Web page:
6 Ways Meditation Gives You a Fit Body
Meditation can help you focus more intensely, boost your energy, stay motivated, avoid injury and breathe better during your workout.
Want to work out harder, increase your energy, avoid injury and recover faster? Meditation may be the fix you need to take your fitness game to the next level. (Added bonus: The combination of mediation and exercise can also reduce symptoms of depression, according to a 2016 study from Rutgers University.)
We talked to wellness expert Jamie Price, co-founder of the meditation app Stop, Breathe & Think (by the way, get VIP access here) to get her advice and insights on how to inject a little inner peace into your workout routine. (Go big and go om!)
1. Get Focused
“If your mind is wandering, you might not be working out as intensely,” says Price. “You’re on autopilot.” The result? You’ll undermine your efforts and burn fewer calories, while your poor form could increase your risk of injury. Even just a short meditation before your workout (like Stop, Breathe & Think’s three minutes of mindful breathing) can help clear your head and keep your focus on fitness — not your to-do list.
2. Boost Your Energy
That preworkout meditation does more than improve your focus; it can also help you feel more energized. For a quick pick-me-up, Price recommends trying a few short inhalations through the nose, followed by one long exhalation through your mouth. The technique, known as energizing breath, increases the flow of oxygen, waking up your body and mind.
Hit a workout plateau? Meditation can help you push through.
3. Stay Motivated
If you’ve ever run a marathon (or, heck, even a 5K), then you know that there’s usually a point in the race when you feel like giving up. (Why do you think they say running is 90 percent mental?) If you could just stop obsessing over how long you’ve been going and how much longer you have left, then reaching that finish line becomes a lot easier.
That’s where mediation comes in: “When you practice mindfulness or focus on something else like your breathing, you take yourself out of that mental loop that can trip you up,” explains Price. Not convinced? Consider this: A recent study of college football players showed that practicing mindful meditation for 12 minutes a day can help athletes endure the mental stress that comes with intense training.
4. Avoid Injury
We’re all for going hard during a workout, but going too hard can lead to muscle sprains and strains (or worse). So how do you know when to let up? “With mindfulness, you become more attuned to when your body or muscle is feeling stressed, and you can adjust,” says Price. You’ll also be able to better tell whether that discomfort you’re feeling is a normal part of working out or something more.
That’s not all: Researchers have found that mental stress can interfere with muscle recovery after exercising. Enter meditation: It can help you manage your stress (try the six-minute Relax, Ground and Clear meditation from Stop, Breathe & Think) so your body can focus on repairing itself after your workout.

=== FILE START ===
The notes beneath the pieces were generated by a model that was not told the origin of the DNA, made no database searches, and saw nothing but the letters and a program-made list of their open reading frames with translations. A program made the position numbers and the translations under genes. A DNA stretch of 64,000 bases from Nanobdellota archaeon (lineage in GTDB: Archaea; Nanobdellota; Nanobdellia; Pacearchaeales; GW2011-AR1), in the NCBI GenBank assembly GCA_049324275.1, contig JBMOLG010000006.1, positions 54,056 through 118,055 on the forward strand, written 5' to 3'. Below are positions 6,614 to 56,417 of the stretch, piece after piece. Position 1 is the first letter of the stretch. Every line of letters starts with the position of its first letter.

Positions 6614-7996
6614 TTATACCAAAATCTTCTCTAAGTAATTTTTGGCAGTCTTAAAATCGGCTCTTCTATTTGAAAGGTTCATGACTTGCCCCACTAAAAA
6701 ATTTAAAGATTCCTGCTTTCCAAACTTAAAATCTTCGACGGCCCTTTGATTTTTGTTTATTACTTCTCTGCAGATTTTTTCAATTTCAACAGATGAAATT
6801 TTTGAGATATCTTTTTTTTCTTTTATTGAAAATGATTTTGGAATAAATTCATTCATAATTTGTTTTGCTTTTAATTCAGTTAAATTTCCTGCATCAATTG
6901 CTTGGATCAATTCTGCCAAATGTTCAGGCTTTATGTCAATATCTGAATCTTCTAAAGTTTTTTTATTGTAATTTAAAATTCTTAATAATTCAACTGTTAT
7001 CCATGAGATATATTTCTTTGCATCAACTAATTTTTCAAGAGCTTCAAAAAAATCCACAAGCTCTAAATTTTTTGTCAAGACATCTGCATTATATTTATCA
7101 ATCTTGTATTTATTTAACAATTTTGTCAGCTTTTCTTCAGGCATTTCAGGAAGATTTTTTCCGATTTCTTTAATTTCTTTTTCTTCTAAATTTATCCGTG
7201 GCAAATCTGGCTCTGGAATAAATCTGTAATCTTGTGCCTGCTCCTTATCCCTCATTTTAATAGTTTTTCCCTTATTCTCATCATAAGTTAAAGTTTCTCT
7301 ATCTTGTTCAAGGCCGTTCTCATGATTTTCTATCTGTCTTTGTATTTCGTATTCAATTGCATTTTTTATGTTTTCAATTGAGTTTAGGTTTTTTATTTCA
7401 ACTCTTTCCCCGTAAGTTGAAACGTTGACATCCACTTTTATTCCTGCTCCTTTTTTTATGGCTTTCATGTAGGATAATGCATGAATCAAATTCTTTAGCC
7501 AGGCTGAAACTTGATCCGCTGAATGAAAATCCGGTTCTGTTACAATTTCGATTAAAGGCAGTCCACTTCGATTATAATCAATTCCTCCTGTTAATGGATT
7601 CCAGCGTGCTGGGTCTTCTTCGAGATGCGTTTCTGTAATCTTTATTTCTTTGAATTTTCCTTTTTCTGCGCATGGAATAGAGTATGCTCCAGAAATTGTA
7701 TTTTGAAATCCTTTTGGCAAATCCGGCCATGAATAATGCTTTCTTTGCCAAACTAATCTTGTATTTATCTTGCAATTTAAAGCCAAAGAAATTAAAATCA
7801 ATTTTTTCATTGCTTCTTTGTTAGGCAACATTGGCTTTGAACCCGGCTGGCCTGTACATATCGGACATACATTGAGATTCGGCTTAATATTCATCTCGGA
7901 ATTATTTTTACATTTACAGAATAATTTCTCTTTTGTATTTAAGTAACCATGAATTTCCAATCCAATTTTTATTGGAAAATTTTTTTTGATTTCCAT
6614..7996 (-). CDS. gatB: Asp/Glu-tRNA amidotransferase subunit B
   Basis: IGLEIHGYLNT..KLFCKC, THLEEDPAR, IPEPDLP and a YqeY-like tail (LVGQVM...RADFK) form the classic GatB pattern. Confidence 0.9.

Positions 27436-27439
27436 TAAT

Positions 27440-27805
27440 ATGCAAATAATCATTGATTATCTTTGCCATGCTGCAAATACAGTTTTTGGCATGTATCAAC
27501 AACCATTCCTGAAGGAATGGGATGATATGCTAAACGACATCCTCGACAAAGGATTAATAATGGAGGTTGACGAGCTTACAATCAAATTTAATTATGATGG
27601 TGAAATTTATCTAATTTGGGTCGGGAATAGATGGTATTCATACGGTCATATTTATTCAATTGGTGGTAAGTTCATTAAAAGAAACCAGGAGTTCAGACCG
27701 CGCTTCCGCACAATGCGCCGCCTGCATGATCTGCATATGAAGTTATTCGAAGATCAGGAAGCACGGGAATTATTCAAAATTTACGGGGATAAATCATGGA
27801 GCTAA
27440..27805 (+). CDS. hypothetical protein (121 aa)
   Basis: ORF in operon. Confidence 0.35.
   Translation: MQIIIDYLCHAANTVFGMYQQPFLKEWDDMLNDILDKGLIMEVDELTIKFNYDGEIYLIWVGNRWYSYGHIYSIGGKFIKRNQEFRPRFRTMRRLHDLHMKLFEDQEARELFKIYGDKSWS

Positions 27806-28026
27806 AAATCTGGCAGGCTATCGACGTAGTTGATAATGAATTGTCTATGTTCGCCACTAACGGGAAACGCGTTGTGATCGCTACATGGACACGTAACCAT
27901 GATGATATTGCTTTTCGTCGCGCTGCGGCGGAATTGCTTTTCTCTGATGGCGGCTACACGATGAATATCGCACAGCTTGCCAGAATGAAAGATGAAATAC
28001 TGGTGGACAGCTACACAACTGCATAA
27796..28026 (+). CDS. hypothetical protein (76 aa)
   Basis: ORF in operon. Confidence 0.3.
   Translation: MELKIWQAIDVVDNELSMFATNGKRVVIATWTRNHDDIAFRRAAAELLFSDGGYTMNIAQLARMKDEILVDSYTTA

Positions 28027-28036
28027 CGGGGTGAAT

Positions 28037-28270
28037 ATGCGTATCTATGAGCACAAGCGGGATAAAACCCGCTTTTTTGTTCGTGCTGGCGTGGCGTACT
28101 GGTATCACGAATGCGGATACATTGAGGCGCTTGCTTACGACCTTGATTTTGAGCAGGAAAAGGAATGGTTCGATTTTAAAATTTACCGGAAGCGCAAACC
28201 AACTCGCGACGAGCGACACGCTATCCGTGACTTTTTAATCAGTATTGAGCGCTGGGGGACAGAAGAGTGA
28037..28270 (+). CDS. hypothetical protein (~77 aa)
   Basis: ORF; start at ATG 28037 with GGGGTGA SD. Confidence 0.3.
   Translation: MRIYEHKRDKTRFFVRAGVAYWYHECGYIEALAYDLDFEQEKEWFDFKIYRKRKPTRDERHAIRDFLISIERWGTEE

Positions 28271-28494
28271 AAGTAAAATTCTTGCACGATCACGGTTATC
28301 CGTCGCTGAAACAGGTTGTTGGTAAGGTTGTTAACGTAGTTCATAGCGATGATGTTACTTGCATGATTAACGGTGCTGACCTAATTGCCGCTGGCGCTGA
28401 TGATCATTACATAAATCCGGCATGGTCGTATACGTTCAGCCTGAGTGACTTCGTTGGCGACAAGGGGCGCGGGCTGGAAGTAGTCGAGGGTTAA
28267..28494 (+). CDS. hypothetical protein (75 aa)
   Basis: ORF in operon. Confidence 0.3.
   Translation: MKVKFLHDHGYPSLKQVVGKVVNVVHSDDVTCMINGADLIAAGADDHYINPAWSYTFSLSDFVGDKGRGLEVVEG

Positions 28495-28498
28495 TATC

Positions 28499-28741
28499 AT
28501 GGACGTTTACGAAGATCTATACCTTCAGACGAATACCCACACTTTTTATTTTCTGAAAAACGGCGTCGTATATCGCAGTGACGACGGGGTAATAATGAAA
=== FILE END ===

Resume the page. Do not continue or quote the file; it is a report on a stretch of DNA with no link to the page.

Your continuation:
5. Breathe Better
Ever forgotten to breathe when you’re struggling through a set of push-ups or holding a plank pose? In those moments, meditation, which is grounded in breath, can help you “remember.”
Not only that, you’ll also learn to breathe more effectively throughout your entire workout. Price explains, “We’re born breathing deeply into our bellies. As we become adults, we tend to shift to breathing shallowly into our chests, which impacts the amount of oxygen in our blood.” This kind of shallow breathing will hold you back from functioning at your optimum level during a workout.
6. Rest Easier
Sleepless nights make it difficult to accomplish much of anything during the day, much less get in a good workout. Fortunately, a regular meditation practice can make it easier to get the recommended seven to nine hours of shut-eye a night. In fact, in a study from JAMA Internal Medicine, researchers found that mindful meditation training was more effective at helping people overcome insomnia than traditional sleep hygiene advice (like avoiding stimulants close to bedtime and establishing a bedtime routine).
Price recommends getting into the habit of “noting” throughout the day. The practice involves focusing on your breath and “noting” any thoughts that may cross your mind, then going back to your breath. “Your ability to hop off that train of thought and get focused is strengthened,” Price says. At the end of a long day, it will make unwinding — and falling asleep — easier.
Try It out!
For a limited time, LIVESTRONG readers can enjoy VIP Access to one month of free premium guided meditations and mindfulness activities. Go here now and enjoy 30 days free when you enter the special code: LIVESTRONG.
(For every paid Stop Breath & Think VIP subscription, LIVESTRONG.COM
Shannan Rouss is a writer and editor living in Los Angeles. She has written for magazines including Self, Prevention, Glamour and Cosmopolitan, and her work has appeared online at MSN.com, mom.me and elsewhere.